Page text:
Imagine a khap panchayat in rural Haryana – a kangaroo court of village elders – launching a slick ad campaign encouraging members of their caste to marry (each other) and rapidly multiply to increase their dwindling numbers. Imagine that many members of this caste are zamindars with large plots of land. And now, if you can stretch your imagination just a tad further, imagine this ad campaign calling out to middle-aged, unmarried, childless zamindars, warning of the perils of staying single, as this would mean their cattle and farmland would be inherited by some low-caste, petty farm labourer.
I’m guessing that such campaign would not have met with quite the tenderness and enthusiasm in the mainstream media that the recently-launched second phase of the ‘Jiyo Parsi’ campaign has received. The campaign is aimed at getting Parsi men and women to rapidly marry and procreate in significant numbers.
Of the many ads, possibly the most obnoxious one has a regal, sombre middle-aged man sitting on a very well-upholstered chair, staring vacantly into space. The caption reads: “After your parents, you’ll inherit the family home. After you, your servant will.”
What an exquisite display of racism, elitism and classism. I doubt whether anyone else could pull off such a campaign. I’m guessing this may have to do with the fact that Parsis live in posh South Mumbai homes and not far-flung North Indian villages.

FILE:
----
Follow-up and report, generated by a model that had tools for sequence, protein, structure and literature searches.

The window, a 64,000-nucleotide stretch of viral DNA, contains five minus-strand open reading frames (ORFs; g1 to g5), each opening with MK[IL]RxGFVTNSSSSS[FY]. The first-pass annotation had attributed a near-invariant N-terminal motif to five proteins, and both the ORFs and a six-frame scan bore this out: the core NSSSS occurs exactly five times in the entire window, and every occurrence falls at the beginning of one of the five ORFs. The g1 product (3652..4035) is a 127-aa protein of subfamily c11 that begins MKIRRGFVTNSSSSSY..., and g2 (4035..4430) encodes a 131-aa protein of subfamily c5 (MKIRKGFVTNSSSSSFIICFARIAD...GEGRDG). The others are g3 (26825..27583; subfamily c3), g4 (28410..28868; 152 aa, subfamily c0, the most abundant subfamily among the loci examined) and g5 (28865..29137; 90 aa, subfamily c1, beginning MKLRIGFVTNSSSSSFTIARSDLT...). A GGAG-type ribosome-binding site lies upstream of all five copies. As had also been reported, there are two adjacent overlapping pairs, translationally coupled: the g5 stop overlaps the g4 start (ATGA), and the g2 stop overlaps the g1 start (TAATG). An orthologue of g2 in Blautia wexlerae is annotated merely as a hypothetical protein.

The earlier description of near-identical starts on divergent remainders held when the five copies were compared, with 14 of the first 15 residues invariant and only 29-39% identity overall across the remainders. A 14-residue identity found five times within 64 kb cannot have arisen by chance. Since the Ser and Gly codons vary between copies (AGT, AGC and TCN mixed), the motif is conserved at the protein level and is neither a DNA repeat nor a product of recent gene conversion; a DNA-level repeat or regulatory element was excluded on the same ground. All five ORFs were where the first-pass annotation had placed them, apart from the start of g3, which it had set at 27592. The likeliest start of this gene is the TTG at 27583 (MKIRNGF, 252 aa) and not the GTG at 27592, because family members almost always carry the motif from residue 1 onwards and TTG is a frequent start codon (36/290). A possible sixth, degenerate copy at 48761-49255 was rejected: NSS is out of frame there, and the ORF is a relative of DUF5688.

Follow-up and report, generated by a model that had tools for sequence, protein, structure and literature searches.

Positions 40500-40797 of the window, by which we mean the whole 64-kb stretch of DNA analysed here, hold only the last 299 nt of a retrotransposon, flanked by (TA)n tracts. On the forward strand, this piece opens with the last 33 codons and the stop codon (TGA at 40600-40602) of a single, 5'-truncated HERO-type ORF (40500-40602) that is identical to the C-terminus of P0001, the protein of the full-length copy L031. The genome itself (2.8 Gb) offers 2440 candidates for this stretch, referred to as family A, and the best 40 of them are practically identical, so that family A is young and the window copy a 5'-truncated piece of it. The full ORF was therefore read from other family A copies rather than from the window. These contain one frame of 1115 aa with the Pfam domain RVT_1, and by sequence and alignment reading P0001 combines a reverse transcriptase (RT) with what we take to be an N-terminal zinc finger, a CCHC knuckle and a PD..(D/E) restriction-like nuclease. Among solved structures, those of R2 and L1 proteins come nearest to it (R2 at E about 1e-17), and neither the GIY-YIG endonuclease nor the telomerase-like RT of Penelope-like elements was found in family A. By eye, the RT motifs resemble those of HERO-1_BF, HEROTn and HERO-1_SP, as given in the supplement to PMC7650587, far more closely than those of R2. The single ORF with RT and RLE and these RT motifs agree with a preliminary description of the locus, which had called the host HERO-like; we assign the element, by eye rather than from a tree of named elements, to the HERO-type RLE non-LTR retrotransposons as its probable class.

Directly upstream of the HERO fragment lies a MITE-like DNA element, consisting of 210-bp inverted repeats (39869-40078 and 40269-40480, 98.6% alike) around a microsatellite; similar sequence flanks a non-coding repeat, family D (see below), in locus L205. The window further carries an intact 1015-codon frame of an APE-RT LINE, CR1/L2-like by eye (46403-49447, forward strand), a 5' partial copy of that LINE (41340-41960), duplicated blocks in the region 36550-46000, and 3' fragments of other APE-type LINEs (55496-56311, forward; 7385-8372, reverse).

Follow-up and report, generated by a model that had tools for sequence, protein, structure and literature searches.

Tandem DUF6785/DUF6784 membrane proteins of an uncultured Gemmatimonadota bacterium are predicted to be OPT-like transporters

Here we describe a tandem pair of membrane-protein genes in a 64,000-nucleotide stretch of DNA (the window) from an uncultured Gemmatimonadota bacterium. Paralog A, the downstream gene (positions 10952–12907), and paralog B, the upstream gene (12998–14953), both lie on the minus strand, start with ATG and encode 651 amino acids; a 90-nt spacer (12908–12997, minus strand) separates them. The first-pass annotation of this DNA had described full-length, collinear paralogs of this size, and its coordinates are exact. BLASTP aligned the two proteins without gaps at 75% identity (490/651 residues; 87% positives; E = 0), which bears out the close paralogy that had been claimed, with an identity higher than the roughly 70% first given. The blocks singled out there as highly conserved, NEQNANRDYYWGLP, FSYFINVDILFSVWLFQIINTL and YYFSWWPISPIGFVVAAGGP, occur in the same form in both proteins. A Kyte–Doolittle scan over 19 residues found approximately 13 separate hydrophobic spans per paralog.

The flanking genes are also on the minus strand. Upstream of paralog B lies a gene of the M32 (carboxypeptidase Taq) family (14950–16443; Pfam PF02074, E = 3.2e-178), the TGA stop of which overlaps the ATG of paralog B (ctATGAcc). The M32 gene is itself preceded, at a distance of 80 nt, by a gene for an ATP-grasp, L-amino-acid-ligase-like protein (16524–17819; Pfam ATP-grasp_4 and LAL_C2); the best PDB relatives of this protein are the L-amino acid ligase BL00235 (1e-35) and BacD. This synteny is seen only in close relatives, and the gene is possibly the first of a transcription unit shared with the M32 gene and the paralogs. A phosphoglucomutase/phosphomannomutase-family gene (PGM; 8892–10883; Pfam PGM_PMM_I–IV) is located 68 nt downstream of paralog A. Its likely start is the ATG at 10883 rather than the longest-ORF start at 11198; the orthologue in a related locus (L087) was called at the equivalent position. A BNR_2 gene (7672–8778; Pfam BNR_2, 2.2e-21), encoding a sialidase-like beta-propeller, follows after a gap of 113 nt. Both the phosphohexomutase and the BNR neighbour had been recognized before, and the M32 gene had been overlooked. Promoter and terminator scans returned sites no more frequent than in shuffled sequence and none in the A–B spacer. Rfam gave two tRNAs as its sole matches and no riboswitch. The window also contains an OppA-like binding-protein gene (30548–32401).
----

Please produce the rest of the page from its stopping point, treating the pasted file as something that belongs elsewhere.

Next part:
The campaign shames single folk as well as couples who don’t have at least two children. “The most amazing gift you can ever give your child. A sibling. Having only one child is like a job that’s half done,” says one of the ads. Jiyo Parsi Phase II talks of what a lousy, rotten life unmarried people lead, and how one’s life is incomplete without two children. For a community believed to be progressive, this is truly despicable.
There’s even an ad about the peculiarities of Baug culture – the rather unique life that Parsis lead in community housing complexes, with clusters of young folk hanging out together. One of the ads shows a bunch of middle-aged men gossiping in a Baug, alluding to the fact that they’ve been doing little else since their youth. “To all Baug bachelors cracking jokes about married couples and kids, one day soon you’ll turn 60 and still be alone,” warns the ad.
Unmarried, middle-aged folk in the ads look sad and lonely, with wistful expressions, contemplating joyless lives. While the elderly man depicted in the ad campaign is about to lose his property (to his ‘servant’), the single woman has no one to backslap while watching Parsi plays. The hint of a sad smile plays on her thin, pursed lips, as she sits on a chair by herself, a vacant look in her eyes. For what else do single men and women do, besides sitting on very well-polished chairs and brooding silently by themselves.